While playing the piano, a musician can only use existing keys which produce specific, fixed notes.In comparison to, for example, the guitar, where the player can bend the notes, or to the French horn, where one can use his breath to shape the tone, piano is not an expressive instrument. To overcome this limitation, a famous American jazz pianist and composer - Thelonious Monk, developed a characteristic piano playing technique which was based on the use of the blue notes – playing two neighboring notes, almost simultaneously. With the help of this method, using fixed piano keys, Monk was able to get the illusion of going in-between the musical notes. He was able to create the illusion of a whole new note – blue note – which was expressive. Using the defined substance – piano keys – he was able to create the illusion of chaos.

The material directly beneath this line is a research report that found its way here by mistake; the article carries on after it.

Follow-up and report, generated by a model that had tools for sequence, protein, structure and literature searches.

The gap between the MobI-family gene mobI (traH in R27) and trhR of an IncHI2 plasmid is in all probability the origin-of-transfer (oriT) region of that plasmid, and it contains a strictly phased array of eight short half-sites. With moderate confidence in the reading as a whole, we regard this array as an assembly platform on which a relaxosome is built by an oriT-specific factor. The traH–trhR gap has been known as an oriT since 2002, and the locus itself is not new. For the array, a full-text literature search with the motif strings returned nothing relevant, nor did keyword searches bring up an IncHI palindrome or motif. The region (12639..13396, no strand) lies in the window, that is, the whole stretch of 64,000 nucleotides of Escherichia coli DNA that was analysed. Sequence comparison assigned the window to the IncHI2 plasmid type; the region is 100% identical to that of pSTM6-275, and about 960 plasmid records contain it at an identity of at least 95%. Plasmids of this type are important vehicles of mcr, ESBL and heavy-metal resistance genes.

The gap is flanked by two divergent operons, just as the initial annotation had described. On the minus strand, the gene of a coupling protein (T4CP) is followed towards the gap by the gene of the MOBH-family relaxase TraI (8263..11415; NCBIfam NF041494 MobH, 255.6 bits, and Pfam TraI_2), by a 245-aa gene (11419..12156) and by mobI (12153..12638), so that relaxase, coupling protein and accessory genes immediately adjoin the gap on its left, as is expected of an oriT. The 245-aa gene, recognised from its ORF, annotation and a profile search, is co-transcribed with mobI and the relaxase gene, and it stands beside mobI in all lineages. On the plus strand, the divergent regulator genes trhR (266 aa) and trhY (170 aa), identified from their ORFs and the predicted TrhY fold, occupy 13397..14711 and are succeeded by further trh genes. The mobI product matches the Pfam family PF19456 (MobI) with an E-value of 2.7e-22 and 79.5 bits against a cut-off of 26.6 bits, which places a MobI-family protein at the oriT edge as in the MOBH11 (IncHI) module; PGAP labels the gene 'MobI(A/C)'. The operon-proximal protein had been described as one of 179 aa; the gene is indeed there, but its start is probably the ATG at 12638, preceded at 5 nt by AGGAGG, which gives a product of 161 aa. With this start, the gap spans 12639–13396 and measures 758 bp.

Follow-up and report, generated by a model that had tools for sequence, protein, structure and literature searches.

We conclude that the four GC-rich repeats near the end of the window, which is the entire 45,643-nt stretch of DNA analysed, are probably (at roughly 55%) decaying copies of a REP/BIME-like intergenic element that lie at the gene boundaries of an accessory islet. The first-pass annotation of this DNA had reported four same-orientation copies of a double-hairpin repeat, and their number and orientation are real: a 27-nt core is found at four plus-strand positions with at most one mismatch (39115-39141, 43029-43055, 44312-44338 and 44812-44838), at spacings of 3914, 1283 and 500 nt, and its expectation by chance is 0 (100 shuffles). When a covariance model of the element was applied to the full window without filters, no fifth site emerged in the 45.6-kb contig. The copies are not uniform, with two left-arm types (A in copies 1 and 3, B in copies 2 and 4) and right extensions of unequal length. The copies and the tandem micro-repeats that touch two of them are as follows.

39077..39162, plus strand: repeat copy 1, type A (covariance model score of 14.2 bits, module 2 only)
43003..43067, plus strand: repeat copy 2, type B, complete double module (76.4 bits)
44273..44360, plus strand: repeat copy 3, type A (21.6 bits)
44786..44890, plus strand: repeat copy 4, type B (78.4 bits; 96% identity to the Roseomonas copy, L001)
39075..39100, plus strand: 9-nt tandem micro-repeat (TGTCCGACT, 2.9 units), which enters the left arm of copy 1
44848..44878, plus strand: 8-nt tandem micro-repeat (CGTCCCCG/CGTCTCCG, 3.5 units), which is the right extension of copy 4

What would the blue note in design look like?Can something that is generally recognized as a fixed system, with the use of design process, result in the illusion of chaos?Can the blue note be translated into the object with the help of materials, forms and relations occurring in-between them?
In favor of getting a functioning design which remains chaotic, maybe the solution is to leave the mold, and consider it as a part of an object? However, the mold can be kept, as the part of the object, only when it follows the criteria of the design. The mold has to adapt in order to live in symbiosis with the object...
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